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This paper has benefited from presentations at the University of Washington and the IMF. The constructive comments of Aleš Bulíř, Yu-chin Chen, and Leslie Lipschitz are gratefully acknowledged. Work on this project began when Turnovsky visited the IMF Institute in April 2006. He gratefully acknowledges the hospitality extended during that visit. This research is adapted from Chapter 1 of Tekin’s Ph.D. thesis written at the University of Washington under Turnovsky’s supervision. Substantial financial support for for this project has been provided by the Castor Endowment at the University of Washington
Valerie Cerra, IMF; Serpil Tekin, University of Washington; Stephen J. Turnovsky, University of Washington.
These include: (i) costs of installing the publicly provided capital, (ii) substitutability between public and private capital in production, (iii) access to the world financial market, (iv) opportunities for domestic co-financing of infrastructure projects (v) flexibility of labor supply; see Chatterjee and Turnovsky (2007). Adam and Bevan (2006) employ a simple static model and draw a similar conclusion that with sectoral spillovers, the relationship between aid, growth, and output is not necessarily straightforward. Dalgaard (2008) analyzes the effectiveness of foreign aid under different donor policy rules in a one-sector overlapping generations model, in many ways paralleling the work of Chatterjee and Turnovsky.
The original analysis of the Dutch disease by Corden and Neary (1982) and Corden (1984) employed a static framework. Early dynamic studies based on intertemporal optimization include Brock (1988) and van Wincoop (1993).
Issues concerning the volatility of aid flows are also important, but are not addressed here; see e.g. Isard, Lipschitz, Mourmouras, and Yontcheva (2006), Arellano, Bulíř, Lane, and Lipschitz (2008).
The independence of the long-run relative price to untied transfers (a pure demand shock) is an immediate consequence of a basic property of the two-factor two-sector production model, namely that with perfect sectoral factor mobility the long-run relative price depends solely upon supply conditions. A similar result is obtained by Devarajan, Go, Page, Robinson, and Thierfelder (2008). Arellano et al. (2008) generate long-run Dutch disease effects by introducing the imperfect substitutability of capital stocks across sectors. In contrast, untied transfers would continue to have no long-run relative price effects for the form of costly intrasectoral capital flows introduced by Morshed and Turnovsky (2004).
However, such an extension by involving at least four state variables and corresponding co-state variables would likely be intractable, even using numerical simulations.
The equilibrium and implications are also insensitive to variations in the specification of (3), that replace N/pK with expressions such as N/Y (output) or N W (wealth); see e.g. Chatterjee, Sakoulis, and Turnovsky (2003).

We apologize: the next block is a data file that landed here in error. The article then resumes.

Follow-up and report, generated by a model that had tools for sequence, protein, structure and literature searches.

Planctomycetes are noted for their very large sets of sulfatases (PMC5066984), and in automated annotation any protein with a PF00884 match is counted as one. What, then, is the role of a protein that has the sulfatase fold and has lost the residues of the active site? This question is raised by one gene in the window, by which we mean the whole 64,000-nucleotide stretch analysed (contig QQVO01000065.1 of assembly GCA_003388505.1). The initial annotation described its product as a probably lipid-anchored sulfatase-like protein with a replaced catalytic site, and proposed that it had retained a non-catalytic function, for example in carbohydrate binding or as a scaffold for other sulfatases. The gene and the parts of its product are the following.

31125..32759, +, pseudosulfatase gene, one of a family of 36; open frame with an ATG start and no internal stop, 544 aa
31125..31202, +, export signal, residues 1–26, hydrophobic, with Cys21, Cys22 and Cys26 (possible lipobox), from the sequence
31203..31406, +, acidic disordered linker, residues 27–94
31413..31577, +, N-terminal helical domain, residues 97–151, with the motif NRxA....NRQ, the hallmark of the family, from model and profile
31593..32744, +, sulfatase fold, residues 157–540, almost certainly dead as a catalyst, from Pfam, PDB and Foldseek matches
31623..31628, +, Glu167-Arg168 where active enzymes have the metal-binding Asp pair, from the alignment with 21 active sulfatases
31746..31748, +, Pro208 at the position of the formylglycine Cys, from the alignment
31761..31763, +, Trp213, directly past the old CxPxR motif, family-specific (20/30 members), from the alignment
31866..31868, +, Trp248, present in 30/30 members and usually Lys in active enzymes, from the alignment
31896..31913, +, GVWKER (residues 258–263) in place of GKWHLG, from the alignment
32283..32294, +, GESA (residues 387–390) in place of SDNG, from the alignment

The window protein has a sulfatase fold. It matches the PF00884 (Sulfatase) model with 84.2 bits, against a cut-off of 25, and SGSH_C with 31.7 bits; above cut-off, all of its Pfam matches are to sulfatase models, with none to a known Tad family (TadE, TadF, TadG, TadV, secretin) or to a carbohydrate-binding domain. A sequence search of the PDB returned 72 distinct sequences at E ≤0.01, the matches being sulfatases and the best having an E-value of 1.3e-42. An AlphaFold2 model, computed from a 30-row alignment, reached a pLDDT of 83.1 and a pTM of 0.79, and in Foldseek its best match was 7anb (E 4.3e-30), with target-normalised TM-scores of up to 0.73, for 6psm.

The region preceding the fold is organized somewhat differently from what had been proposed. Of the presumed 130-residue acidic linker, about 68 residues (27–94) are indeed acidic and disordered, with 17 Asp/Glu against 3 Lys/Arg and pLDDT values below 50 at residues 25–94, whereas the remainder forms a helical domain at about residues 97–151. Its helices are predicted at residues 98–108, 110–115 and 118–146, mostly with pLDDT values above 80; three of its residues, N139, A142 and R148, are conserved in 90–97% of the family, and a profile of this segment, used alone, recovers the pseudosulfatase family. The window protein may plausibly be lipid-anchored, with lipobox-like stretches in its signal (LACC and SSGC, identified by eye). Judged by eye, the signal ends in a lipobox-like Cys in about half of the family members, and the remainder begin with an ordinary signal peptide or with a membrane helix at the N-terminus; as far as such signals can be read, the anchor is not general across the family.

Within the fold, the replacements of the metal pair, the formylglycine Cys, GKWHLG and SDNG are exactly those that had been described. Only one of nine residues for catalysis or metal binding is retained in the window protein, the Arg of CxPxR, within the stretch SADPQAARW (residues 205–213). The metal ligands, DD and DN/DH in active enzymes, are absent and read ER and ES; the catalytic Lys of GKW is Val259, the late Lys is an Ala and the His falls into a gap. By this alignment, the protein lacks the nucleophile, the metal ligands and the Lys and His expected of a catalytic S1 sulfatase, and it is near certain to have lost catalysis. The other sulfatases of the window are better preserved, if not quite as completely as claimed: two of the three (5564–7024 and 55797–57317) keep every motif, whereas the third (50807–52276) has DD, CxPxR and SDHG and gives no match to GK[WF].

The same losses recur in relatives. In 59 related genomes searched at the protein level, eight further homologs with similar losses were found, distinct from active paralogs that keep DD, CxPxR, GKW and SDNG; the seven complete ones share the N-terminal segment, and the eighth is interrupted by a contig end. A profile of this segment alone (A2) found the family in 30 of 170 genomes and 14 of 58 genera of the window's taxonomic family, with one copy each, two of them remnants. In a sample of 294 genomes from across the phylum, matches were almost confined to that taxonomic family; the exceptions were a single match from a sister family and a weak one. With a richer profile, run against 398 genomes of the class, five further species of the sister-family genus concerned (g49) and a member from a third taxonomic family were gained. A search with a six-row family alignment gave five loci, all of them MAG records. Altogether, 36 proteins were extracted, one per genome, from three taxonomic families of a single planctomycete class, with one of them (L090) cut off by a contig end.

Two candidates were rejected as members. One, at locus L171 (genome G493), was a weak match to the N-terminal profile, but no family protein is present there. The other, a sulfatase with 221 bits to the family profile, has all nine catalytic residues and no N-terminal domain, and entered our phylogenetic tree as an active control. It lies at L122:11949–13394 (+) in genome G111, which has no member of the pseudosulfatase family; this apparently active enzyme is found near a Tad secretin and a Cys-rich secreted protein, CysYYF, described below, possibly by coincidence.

We are assuming that the foreign aid denominated in units of traded output can be costlessly converted to nontraded output. We also abstract from issues pertaining to the theft of aid by corrupt government officials.
The conditions ∂CT/∂μ < 0,∂CN/∂μ < 0 are a statement of the normality of the two consumption goods, while ∂CN/∂p < 0 follows from the concavity of utility. Also, sgn (∂CT/∂p) = −sgn (UTN).
In all cases the equilibrium possesses the saddlepoint structure necessary to yield a unique stable adjustment path.
The choice of parameters, particularly those relating to the sectoral aspects, are discussed in greater detail by Morshed and Turnovsky (2004). Our choice of elasticities on government expenditures in production, ν1 = 0.10,ν2 = 0.15 imply that government expenditure is more productive in producing nontraded than traded output, which includes services. While this is arbitrary, it is not implausible, and in any event our numerical results are insensitive to this assumption.
The World Bank Group, World Development Indicators Online reports the average external debt total (% of GNP), for the lower middle income Latin America and Caribbean countries, excluding Guyana and Nicaragua, to lie within the range of 60-65%. Our benchmark estimates of this ratio given by N/Z in Table 3 are very close to this range.
Further increases in a beyond a =10 have negligible effects except on the level of debt.
Adam and Bevan (p. 275, 2006) follow a similar strategy and assume that initial public infrastructure is 50% of its optimal value. We have also run the simulations reported in Section V-X starting from the initial optimal allocation of government spending. The time paths are virtually identical to those presented in Figs. 1-4.
These calibrations are consistent with the economic structures of developing countries summarized by Morshed and Turnovsky (2004).
This is close to average aid flows for Latin American countries. The World Bank Group, World Development Indicators Online reports the average Aid (% of GNP), for the lower middle income Latin America and Caribbean countries to be about 5%.
The speed of adjustment of the real exchange rate slows dramatically and the significance of the transitional path enhanced by introducing adjustment costs on sectoral capital movements; see Morshed and Turnovsky (2004).
We illustrate the capital intensity only in the traded sector, since both kN and kT move together.
The issue of the allocation of aid and the transfer problem is addressed by Yano and Nugent (1999). Using a purely static model they show that if the recipient country imposes a tariff it is possible for a transfer of capital applied to the nontraded sector to be welfare deteriorating. In the absence of such a tariff they find that the transfer unambiguously improves the recipient’s welfare (as we do here).